1. Your last comment on a “society in which women must strategically climb over one another, indeed even beating other women down, in order to get ahead” really struck me as an apt description not only of Austen’s time, but of ours as well. As a personal experience, I can recall countless incidents of female friends remarking on the favorable gender ratio of various social events. Whenever I pressed them to explain what they meant and why it was favorable, they always replied that the number of females in the room was either equal to or lower than the number of males. It was implied not only that this put them in a position of power over the males at the event, but that the addition of another female would inherently take away from this power. Also, maybe this only occurred at my own high school, but there was always a tense atmosphere when a car of girls being driven home by an attractive upperclassman guy from some event had to decide who would get dropped off last and would get alone time with him. (All of this maneuvering had to occur without him noticing, of course.) There was, again, the unspoken knowledge that if you had to be dropped off first, you “lost” in some inarticulate way. But what did you lose? And at what game? This zero-sum way of looking at social and romantic interactions has always been personally frustrating to me, and it seems as if it has historical precedent.

  2. Hi Sarah, you’ve brought up a lot of interesting questions! One being that Pride and Prejudice is steeped in strategic decision making; two, that being successful at marriage game theory might make you distasteful if you’re a woman, etc, etc. I’m particularly interested in what you’ve said about women being the main aggressive participants in marriage game theory, “she depicts a society in which women must strategically climb over one another…in order to get ahead.” Get ahead seems to be framed in terms of marriage. What about Charlotte and Elizabeth’s friendship? As well as Jane and Elizabeth’s friendship? If there is this ‘anti-lesbian’ continuum, where does female-female relationships lie in Austen’s world? And how about in the second half of the novel – where does Mr. Wickham lie in this marriage game theory system?

    Also, is Mrs. Bennet similar to Meng Mu or Ruiniang? All these mothers are game theorists, but only Mrs. Bennet appears to be unsympathetic.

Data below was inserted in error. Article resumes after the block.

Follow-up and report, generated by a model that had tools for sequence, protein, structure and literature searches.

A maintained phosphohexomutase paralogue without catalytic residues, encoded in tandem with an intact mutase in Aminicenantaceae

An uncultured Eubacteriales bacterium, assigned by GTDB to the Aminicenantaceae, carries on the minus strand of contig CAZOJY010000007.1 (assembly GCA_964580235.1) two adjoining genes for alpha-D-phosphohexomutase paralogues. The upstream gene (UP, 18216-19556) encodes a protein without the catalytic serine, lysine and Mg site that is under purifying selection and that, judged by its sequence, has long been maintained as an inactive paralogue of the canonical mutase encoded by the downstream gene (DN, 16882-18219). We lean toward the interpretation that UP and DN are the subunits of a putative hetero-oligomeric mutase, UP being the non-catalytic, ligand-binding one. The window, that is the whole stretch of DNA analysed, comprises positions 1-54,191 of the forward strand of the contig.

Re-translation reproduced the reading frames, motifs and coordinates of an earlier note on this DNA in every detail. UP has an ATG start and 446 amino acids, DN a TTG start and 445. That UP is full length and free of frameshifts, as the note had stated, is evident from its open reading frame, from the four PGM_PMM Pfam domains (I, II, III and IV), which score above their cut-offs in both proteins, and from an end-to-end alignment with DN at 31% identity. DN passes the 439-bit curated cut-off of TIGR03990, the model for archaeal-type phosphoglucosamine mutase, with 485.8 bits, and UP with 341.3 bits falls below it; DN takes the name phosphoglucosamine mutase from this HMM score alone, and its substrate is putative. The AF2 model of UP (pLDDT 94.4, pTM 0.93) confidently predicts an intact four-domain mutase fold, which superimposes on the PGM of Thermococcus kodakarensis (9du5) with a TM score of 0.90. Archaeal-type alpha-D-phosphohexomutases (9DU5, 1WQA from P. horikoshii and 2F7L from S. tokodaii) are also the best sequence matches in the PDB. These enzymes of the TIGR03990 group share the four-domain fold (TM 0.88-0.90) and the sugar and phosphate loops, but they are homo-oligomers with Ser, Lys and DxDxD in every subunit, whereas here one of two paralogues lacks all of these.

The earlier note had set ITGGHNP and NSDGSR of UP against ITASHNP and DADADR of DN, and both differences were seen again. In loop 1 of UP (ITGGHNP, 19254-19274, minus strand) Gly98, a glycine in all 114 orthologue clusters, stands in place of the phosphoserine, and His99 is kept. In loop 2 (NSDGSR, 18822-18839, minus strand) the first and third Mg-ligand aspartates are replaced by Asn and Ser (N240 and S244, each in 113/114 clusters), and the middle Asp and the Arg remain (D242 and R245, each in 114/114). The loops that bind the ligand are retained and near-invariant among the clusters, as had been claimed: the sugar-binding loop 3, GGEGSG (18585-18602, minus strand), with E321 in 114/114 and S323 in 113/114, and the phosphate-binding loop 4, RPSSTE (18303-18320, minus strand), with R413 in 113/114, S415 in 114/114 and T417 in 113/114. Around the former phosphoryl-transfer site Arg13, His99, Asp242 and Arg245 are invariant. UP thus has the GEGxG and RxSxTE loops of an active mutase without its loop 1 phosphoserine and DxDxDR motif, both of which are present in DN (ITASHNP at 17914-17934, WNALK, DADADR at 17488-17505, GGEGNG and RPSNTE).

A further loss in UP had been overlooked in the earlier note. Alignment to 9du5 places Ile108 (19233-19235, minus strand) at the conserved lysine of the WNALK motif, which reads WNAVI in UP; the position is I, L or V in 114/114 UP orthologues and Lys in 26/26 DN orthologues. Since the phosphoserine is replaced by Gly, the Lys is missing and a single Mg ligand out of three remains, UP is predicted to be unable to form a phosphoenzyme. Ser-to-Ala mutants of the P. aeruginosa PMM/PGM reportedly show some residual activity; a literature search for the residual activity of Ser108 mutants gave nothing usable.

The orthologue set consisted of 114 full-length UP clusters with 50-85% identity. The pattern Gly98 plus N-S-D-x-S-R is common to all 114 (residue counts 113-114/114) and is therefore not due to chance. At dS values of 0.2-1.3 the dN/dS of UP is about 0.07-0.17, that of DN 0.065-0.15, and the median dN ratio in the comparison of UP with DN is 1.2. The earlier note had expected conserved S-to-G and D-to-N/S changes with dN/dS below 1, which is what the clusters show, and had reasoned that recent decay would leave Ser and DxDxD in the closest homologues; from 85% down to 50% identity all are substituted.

• Hey Alice! You bring up a great point about “getting ahead” in Pride and Prejudice. I definitely framed my commentary in terms of getting ahead in society, e.g., climbing the social ladder, accumulating wealth, etc. Thinking about female-female relationships and the lesbian continuum, though, brings up a whole other set of interesting questions and ways to look at the novel.

      Most notable, of course, is Charlotte and Elizabeth’s friendship and how that fares after Wickham’s proposals to both of them. Charlotte is portrayed very sympathetically, though she breaches a fair amount of social graces in accepting Wickham’s hand in marriage so quickly after Elizabeth has just rejected his. What makes Charlotte and Elizabeth’s friendship a truly flourishing example of a relationship on the lesbian continuum is that despite this fairly uncomfortable situation that’s passed between them, they haven’t let a man get in the way of their affection for each other. It’s definitely interesting dwelling on the female dynamics that are played out in Pride and Prejudice, and how certain relationships are purposefully juxtaposed with another to point out notable qualities of the other (e.g., Mrs Bennet/Jane or Mrs Bennet/Elizabeth vs. Jane/Elizabeth, Charlotte/Elizabeth vs. Elizabeth/Caroline Darcy, Caroline Darcy/Mrs Darcy vs. Jane/Elizabeth).

      Re: Mrs Bennet and Meng Mu/Ruiniang, I think this ties in, too, with our discussion last class as to whether Meng Mu and Ruiniang might have raised their children differently had they been daughters. Meng Mu and Ruiniang didn’t necessarily have to be social climbers in order for their sons to “get ahead” since their sons could very well advance on their own through education and civil service. Mrs Bennet, on the other hand, sees that there’s not as much her daughters can do to marry well except nurture their social graces and wait for an eligible bachelor to propose. Whether it’s “fair” how these mothers’ are un/sympathetically portrayed is definitely due for deeper discussion (though I guess in matters of game theory/economics, fairness is never much of an issue).